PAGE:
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It Is (Not) The Most Wonderful Time Of The Year

It Is (Not) The Most Wonderful Time Of The Year
It Is (Not) The Most Wonderful Time Of The Year

I feel I must be transparent with my blog post today and say, this is not the most wonderful time of year for me. I hate this time of year. Christmas, to me, isn’t all that great. The Christmas music is getting on my last nerve. Seasonal depression has taken hold of my mind. And, this month especially, was the worst month of my drinking career.

Seasonal Depression, or depression in general, is difficult to describe to someone if they’ve never experienced it before. To me, it’s a soul crushing, black weight, can’t move another step, kind of tired.

Last week, I was stuck under that black weight. On Wednesday, I tried so hard to pull myself out of the black hole just enough that I could write a blog post. But, my body and brain said NO! We’re not having it. It was the deepest depression I’ve experienced in a long time. Something I’d never wish on my worst enemy.

I was crying over everything. My whole body ached. I couldn’t get warm. Even the smallest task, like picking a movie to watch, seemed daunting. And, I had to force myself to do my dishes and cook supper. It was horrible.

Thankfully, that black cloud lifted just enough for me to pull myself out of bed to go to work the next day. But, I could still feel it there, just out of reach.

Thankfully, I’ve been sober through the winter months a few times, and know how to ride it out. If you’re struggling this holiday season, with family stress, newfound sobriety, or Seasonal Depression, know these feelings don’t last. You’re not alone. And, the holidays are almost over, thank god. Soon we will be ringing in a brand new year.

So, here are the ways I’ve survived the holidays, and Seasonal Depression. My hope is that these ideas help you as well.


Sleep is my best friend this time of year. When it gets dark at 6 pm, I get sleepy. I can’t count how many times I’ve fallen asleep in my chair, or on the couch, at 8 pm. And usually, I go to bed around 9 pm. It’s not uncommon for me to sleep for 8 hours or more a night.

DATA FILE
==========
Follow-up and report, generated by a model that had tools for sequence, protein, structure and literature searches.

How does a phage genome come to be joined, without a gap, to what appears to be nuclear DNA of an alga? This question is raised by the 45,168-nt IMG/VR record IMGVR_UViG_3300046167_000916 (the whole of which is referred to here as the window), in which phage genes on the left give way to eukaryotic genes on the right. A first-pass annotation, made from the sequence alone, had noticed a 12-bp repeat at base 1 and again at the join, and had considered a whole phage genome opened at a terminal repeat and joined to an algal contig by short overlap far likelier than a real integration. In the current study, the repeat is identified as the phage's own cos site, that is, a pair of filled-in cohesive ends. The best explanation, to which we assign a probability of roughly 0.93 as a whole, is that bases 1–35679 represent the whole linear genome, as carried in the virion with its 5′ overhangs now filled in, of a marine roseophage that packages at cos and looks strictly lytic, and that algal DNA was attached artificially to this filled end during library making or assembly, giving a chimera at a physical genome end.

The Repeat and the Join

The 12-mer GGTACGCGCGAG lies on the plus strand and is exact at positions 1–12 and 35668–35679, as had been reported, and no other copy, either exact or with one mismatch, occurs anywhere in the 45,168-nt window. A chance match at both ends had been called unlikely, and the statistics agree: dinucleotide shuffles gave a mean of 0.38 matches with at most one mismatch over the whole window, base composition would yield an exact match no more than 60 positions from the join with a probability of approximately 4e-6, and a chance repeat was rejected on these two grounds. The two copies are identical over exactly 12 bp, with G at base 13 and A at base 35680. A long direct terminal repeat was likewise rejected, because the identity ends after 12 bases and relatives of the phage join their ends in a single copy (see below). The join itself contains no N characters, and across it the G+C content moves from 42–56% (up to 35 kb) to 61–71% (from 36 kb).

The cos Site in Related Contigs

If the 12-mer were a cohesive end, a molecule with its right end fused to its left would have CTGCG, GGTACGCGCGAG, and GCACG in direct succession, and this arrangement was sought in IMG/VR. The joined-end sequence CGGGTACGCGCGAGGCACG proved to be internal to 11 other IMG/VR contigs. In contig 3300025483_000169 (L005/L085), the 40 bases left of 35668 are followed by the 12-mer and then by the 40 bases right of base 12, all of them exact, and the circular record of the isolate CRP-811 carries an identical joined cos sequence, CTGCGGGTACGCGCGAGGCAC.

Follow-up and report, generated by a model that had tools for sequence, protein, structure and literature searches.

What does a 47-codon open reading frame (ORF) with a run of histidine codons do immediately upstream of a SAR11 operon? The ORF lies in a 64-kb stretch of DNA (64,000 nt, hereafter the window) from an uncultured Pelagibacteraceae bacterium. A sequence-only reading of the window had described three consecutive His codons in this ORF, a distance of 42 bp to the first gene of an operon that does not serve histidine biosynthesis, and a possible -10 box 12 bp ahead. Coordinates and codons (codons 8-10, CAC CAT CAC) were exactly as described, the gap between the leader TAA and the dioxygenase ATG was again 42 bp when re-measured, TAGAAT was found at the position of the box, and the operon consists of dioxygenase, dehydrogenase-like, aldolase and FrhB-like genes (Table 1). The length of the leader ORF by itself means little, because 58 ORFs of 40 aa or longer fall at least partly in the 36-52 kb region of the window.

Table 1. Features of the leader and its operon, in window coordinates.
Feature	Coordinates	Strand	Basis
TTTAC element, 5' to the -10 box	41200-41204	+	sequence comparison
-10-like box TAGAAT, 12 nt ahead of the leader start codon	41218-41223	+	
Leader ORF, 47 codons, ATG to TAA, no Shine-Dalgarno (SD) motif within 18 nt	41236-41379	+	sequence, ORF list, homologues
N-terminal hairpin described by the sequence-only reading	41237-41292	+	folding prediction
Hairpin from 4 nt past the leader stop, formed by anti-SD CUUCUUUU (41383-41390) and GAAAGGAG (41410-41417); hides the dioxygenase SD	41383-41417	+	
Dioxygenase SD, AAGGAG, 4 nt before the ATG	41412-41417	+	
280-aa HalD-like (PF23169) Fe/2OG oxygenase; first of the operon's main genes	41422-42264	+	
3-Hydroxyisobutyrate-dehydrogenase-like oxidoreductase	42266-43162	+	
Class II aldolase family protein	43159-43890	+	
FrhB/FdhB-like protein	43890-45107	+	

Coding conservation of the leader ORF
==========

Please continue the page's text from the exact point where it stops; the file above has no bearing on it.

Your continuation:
On my days off from work, I take at least a 2 hour nap. Thankfully my schedule allows for this. But, it’s what my body needs. Like an animal in hibernation, I need sleep to recharge my batteries, and get through the day.


Natural sunlight has been shown to boost your mood. And, it also gives you Vitamin D. This time of year, the more sunlight I can get, the better.

I’ve also known people who go to tanning beds during the winter months to fight Seasonal Depression. Spending 5 or 10 minutes in natural sunlight, or a tanning bed, can boost your mood, and fight off the depression.

Being Around People

When I was in early recovery, I spent many nights at the 10 pm twelve step meeting. This was especially helpful when my mind felt like a hamster going crazy on its wheel.

When darkness came, anything I was thinking about was multiplied a thousand times. Fear, worry, doubt. Everything was worse when nightfall came. But, being around people quieted the little voice in my head. I could spill my guts, and get everything out to someone else.

If you can’t find a meeting that late, call up a friend or two and go out for a late supper, or pie, or coffee. Just being in the company of someone who understands how you’re feeling can be a tremendous help.

Coffee or Tea

On the days I don’t have to work the next day, I drink coffee. On the days I do work the next day, I drink hot tea. It’s not so much the caffeine boost I get, but more the heat from the beverage. Drinking something warm, like coffee, tea, or even hot cocoa heats up my body temperature, and I feel better immediately.


Self-care is another way I deal with Seasonal Depression. Part of self-care is getting enough sleep, eating healthy food, and resting when I need to.

But, that’s not all. Another part of self-care is doing things, even when I don’t want to. For example, last week. I didn’t want to do my dishes, or cook supper. But, I did it anyway. Sometimes, self-care isn’t glamourous. Sometimes, it’s messy, and filled with pushing through the feels to get to the other side.

This Too Shall Pass

If you’re struggling this time of year, know that you are not alone. Reach out to someone you trust, get the feelings out in the open, and know this too shall pass. Winter Solstice is coming tomorrow for those of us in the Northern Hemisphere, and the daylight will return over the coming days.

If you’re struggling with family problems, find some friends and have a holiday gathering on your own.

And remember, whatever problem you are facing now, it won’t last forever. Keep your chin up, keep doing the things, and you’ll make it. I promise.

Bah humbug,


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